Actors who refused roles that produced huge paycheques – Everyone knows Matthew Broderick turned down playing Walter White in Breaking Bad. Now, Bryan Cranston is one of the highest paid actors on the Hollywood circuit and studios can’t get enough of him. Likewise for Dana Delaney in her wisdom to turn down the Sex and the City casting director when they were on the lookout for Carrie Bradshaw. The rest, as they say, is history.
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Some of these roles are either hugely profitable and sets up a performer for life, or they are so well received by the critics and audience that it catapults them to greater heights. Great roles are so difficult to find these days and the thought that you had the opportunity of first refusal on a project that became a cult classic or iconic in the pantheon of cinema is frightening. But it happens – it happens a lot!
Unlike Broderick and Delaney though, these following actors would have been handsomely rewarded for their work as well as the plaudits, awards and other great roles that would have come hence. Some of these positions were the birth of a franchise and while the initial offer on the table would have seemed modest, a modicum of foresight would have been enough to take the gamble and invest in something special.
Much of this comes back to those representing the talent and what advice they would be giving their client. But like any advisory role, it comes back to the decision maker. Many will say these actors were Plan Bs and luck fell into their lap, but sometimes more than one actor turned their back on it. They’re now the ones laughing all the way to the bank while a handful are now drowning their sorrows at the bar talking about the one that got away.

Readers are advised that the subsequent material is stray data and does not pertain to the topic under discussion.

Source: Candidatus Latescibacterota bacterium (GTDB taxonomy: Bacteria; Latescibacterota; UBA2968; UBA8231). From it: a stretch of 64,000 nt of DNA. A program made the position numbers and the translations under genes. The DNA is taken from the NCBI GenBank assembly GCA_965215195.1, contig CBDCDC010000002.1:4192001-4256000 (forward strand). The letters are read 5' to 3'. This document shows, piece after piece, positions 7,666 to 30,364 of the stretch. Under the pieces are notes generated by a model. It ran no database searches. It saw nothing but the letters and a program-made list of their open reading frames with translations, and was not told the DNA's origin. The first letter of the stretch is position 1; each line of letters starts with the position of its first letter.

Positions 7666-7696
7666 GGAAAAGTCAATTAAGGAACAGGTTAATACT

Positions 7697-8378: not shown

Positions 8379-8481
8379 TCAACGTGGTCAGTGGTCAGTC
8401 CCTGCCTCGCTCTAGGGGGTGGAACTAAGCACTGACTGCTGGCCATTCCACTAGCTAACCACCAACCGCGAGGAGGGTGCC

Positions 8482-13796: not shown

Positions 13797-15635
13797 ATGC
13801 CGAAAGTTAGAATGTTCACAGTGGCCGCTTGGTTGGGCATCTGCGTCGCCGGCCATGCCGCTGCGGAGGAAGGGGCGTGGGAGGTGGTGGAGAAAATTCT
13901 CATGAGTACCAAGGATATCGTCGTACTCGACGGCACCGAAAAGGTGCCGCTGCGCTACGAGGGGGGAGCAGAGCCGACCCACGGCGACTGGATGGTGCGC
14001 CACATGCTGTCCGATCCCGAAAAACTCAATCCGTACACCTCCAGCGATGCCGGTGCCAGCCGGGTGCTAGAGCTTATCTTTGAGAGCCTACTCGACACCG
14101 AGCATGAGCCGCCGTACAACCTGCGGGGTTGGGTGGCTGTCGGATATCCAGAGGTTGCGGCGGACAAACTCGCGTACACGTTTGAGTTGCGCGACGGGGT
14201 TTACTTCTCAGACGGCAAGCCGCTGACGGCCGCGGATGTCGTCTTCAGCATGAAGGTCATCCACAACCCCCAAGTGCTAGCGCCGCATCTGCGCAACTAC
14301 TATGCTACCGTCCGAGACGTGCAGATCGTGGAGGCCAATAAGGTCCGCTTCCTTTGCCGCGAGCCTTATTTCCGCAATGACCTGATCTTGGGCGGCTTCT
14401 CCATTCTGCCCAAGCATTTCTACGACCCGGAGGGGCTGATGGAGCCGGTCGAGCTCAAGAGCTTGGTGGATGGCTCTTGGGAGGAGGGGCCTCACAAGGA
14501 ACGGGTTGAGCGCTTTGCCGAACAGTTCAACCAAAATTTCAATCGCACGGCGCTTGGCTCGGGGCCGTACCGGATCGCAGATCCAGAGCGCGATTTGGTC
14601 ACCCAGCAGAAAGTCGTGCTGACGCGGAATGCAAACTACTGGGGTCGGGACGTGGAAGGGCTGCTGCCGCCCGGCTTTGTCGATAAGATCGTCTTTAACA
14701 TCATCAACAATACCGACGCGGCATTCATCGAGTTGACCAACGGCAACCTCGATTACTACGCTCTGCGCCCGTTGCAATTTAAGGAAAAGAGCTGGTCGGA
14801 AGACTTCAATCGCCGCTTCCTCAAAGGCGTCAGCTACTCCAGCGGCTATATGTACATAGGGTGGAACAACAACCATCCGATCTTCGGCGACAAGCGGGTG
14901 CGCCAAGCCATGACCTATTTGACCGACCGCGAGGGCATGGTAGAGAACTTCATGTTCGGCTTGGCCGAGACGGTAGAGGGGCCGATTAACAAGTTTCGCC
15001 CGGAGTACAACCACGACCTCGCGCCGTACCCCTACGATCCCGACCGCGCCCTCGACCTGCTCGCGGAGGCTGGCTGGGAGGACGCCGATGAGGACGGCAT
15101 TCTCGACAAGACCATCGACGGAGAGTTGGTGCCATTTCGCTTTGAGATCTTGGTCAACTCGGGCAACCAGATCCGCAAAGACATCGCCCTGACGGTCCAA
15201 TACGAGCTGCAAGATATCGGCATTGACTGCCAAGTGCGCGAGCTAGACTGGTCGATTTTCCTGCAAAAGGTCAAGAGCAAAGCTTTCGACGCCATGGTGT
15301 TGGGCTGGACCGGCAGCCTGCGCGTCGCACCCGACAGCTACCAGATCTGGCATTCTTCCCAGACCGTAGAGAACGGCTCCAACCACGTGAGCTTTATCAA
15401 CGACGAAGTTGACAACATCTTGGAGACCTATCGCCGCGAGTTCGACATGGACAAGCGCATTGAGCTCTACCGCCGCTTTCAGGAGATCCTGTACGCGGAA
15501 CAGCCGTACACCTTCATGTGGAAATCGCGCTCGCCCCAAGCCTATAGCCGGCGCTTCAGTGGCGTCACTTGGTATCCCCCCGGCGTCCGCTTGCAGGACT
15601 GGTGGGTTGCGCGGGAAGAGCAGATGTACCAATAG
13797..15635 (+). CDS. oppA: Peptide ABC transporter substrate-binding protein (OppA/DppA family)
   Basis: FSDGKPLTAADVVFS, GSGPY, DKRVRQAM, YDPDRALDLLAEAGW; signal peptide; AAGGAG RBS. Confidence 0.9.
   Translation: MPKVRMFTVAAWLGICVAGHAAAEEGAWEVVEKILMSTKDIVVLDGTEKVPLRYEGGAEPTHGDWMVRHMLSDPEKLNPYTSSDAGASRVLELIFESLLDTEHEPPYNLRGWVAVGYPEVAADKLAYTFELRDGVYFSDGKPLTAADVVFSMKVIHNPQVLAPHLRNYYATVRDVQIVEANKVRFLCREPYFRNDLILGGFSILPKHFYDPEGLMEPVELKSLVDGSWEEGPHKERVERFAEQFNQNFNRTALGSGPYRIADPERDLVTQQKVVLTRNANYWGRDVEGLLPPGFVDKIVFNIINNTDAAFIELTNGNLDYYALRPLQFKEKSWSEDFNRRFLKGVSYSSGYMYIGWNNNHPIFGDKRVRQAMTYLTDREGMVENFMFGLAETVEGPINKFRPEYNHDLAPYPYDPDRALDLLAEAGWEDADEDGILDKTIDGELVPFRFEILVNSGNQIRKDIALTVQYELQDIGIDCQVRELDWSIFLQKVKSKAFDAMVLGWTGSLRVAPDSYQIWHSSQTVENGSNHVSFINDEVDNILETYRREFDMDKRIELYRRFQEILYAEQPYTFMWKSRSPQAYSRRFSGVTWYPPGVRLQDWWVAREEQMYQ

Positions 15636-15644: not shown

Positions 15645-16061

12. Jack Nicholson – The Godfather Trilogy – $5.53 million
To be fair to Jack, and who doesn’t want to be fair to Mr. Nicholson, Al Pacino only banked an initial $35,000 salary for The Godfather in 1972. Even by early 70s standards that is not a lot to write home about and while it would prove to be a fruitful trilogy that spawned arguably the most decorated trio of films ever made, Nicholson saw it fit to turn his back on the role of Michael Corleone.
Pacino then earned $500,000 plus 10% of the gross from the highly acclaimed The Godfather: Part II and by the time The Godfather: Part III was made in 1990, Pacino was established enough to demand a cool $5 million.
That would not have changed Jack’s life too much as he starred in amazing pictures like The Shining, Batman,The Departed, Chinatown, etc. – the list is decorated and endless. But Michael Corleone might have been the role he would be remembered for most, as is the case with Al.